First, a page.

Let’s continue the dialogue on difference makers. My Dad is the hardest working man I have ever known. Many a weekday passed when my Dad left for work before I got up and came home after I had gone to bed. He was trying to make a way for our family. I know some people say he had his priorities wrong, etc. This was his story- there were 4 kids and my Mom stayed home to take care of what Dad believed was vital- his family and our needs. Dad never had a chance to go to college and I remember him telling me that college opened doors and also that, “His son would not make the same mistake”. So, college wasn’t really a decision I need to spend time on – I was going!

Sometimes I would go to work with my Dad (as a teenager) and watch him run a small printing company, Ad Design, in Washington, DC.. I loved watching my Dad lead and he would often put me to work. He saw work as a virtue and reminded me that although he couldn’t always be the smartest guy in the room (I thought he was), he could be the hardest worker. It was this “never quit, never say die” attitude that he gave me and I am so grateful.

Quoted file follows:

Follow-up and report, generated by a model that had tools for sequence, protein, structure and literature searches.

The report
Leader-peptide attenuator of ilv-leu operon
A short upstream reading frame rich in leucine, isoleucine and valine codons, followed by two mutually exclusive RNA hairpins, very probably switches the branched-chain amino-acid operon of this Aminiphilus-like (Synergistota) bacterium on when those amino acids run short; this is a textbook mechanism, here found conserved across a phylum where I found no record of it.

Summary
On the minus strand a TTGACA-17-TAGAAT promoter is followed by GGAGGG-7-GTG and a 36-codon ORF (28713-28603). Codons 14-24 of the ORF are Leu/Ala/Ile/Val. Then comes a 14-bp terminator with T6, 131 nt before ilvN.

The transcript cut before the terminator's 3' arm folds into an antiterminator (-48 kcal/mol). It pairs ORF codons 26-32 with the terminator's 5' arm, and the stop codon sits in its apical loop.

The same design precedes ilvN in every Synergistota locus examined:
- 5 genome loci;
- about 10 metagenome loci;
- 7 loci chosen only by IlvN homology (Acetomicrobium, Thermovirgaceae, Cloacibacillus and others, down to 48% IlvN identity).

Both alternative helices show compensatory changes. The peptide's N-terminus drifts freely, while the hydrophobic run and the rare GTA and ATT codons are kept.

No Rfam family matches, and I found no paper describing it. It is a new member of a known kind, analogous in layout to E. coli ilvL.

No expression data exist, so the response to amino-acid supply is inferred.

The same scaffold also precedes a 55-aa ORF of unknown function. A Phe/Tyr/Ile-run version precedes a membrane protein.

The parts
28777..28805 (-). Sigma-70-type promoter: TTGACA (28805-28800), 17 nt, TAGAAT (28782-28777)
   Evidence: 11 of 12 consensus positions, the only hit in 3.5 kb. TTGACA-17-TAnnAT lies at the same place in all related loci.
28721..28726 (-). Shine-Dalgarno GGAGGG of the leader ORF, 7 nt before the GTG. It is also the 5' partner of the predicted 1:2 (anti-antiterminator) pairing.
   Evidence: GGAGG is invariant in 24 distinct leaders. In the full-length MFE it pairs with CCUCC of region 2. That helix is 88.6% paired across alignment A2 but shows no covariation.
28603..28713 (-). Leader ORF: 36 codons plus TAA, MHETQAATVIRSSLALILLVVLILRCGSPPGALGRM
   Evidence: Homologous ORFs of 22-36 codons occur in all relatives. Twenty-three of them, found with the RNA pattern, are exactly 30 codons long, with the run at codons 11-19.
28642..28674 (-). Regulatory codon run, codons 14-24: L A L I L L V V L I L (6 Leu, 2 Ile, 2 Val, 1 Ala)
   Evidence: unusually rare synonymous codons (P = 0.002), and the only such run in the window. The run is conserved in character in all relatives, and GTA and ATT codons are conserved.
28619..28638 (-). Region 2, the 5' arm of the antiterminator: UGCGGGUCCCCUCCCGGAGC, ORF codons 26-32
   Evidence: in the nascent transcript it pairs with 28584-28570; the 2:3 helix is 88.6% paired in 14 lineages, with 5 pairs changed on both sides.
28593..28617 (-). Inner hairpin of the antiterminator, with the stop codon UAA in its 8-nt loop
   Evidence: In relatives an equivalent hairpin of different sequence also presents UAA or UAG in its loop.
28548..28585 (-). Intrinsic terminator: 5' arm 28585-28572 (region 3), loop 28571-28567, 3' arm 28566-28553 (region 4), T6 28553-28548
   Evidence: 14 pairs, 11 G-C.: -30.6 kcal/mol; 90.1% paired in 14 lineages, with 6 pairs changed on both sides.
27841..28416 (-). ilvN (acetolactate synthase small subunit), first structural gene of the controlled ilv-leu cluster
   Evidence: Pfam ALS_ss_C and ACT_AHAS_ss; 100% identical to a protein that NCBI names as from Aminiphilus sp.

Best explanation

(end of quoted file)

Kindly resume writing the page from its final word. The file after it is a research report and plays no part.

My Dad taught me to treat everyone with dignity and respect.  Every adult was called sir or ma’am.  And my Mom was to be respected above what most people would consider necessary.  Dad would not allow the kids to call Mom “she” or “her” – that term was for someone down the street.  I had 2 other brothers and my Dad understood how a boy needed to respect his Mom and how that would translate into respecting his own wife.  Although my dad never read a book on parenting – he had a good handle on several things.  Sure Dad missed it some, no doubt – and yet I find myself responding and thinking – that is something Dad would say or do.

I miss him in huge ways (he died in 2000) and wish he had a chance to see his kids and grandkids today. I am also sure he would have found a way to play the trap set in our band. Thank you God for my Dad and the influence he has in my life. How about you? Have a story you want to share?